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How to Read Your Dog's Body Language

Dogs have a language that allows them to communicate their emotional state and their intentions to others around them. They can use sounds and some signals, but the majority of their communication is done through their body language, including facial expressions and body postures.

Understanding what your dog is trying to convey to you is important because it can give you a lot of useful information. Reading your dog’s emotions can help you recognize whether they are nervous, happy, or scared in a specific situation. While interpreting your dog’s body language is not an exact science, you can use the tips below as a guideline to understand how your dog might be feeling.

If your dog is feeling happy: They will have a relaxed body posture, with their tail either wagging or down and relaxed. Their ears will be up, but not overly forward, and their mouth open with their tongue out. Their head should be held high, and their facial muscles will look loose.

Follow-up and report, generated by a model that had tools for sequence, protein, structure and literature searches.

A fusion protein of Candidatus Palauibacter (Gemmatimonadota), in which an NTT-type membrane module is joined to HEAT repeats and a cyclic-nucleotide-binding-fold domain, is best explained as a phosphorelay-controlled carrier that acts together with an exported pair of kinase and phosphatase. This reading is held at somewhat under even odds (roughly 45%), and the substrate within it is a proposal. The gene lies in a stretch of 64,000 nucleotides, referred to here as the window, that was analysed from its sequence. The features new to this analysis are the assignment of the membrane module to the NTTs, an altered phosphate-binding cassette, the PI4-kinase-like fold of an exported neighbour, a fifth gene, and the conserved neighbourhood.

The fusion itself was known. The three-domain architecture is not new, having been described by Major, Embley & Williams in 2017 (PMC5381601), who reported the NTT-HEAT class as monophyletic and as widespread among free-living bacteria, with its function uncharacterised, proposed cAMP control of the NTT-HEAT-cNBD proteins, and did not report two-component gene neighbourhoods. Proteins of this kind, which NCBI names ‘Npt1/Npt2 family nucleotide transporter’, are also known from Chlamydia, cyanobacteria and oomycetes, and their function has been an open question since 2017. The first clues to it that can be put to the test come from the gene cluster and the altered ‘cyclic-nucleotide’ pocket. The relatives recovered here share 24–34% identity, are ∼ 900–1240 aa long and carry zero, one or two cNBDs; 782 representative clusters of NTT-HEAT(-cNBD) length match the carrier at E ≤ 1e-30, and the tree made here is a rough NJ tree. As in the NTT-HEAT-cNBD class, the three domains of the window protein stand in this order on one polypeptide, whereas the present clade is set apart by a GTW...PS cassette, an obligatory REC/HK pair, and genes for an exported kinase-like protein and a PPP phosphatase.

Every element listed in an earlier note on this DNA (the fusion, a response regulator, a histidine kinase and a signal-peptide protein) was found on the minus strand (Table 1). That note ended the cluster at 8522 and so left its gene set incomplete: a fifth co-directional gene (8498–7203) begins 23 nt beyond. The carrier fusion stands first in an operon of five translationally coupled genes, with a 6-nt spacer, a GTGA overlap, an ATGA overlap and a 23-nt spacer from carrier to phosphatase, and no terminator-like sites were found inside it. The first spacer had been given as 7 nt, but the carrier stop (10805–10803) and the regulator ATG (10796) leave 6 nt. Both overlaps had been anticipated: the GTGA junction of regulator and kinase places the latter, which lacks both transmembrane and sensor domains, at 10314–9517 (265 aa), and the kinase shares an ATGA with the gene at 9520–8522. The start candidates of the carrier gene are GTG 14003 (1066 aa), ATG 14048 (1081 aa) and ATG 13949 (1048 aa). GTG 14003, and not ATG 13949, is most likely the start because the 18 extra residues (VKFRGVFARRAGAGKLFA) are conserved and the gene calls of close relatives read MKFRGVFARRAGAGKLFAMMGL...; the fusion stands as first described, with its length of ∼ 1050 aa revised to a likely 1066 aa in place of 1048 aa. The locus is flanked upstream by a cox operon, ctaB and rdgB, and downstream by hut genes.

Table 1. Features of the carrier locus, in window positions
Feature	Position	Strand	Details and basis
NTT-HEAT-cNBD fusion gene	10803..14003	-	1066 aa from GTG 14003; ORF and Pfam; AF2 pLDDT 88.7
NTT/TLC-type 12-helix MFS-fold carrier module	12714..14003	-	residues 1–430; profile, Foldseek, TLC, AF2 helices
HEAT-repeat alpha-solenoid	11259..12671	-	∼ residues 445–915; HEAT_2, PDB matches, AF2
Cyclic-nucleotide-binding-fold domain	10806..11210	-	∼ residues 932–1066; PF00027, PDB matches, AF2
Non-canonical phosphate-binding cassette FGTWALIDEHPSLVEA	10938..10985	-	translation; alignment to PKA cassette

If your dog is feeling scared: They will have a crouched stance, with their hair raised along the neck and the back. Their ears will be back, and their lip could be curled a little, with a wrinkled nose. Their tail may be tucked between their legs, and their pupils will be dilated.

If your dog is feeling aggressive: They will have an upright stiff tail, with raised fur along the neck and back. Their ears will be forward, with a full curled lip. Their legs will be stiff, and their facial muscles will be tense, with their mouth open. They may even growl in warning.

If your dog is feeling anxious: They will have their body lowered and their ears back. Their tail will be down between the legs, but their tail may also wag slightly to show they aren’t trying to threaten anyone. They will avoid eye contact and lick the person they are trying to appease.

If your dog is feeling playful: They may be crouched down on his two front paws, but not for very long, and the tail will be up and wagging. Their mouth will normally be open, ears up and pupils dilated. If your dog is trying to play with another dog, notice these signals compared with aggressive ones to decipher any differences. There may be some barking, and your dog may move closer and then away from who or what he is trying to play with.

Always remember that these are basic body language guidelines. You must use caution in all situations, as signals may change or be interpreted incorrectly. However, with the help of this guide, you can begin to interpret and understand your dog’s feelings and behavior.

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Posted on Jan 27, 2016 by VOYCE Health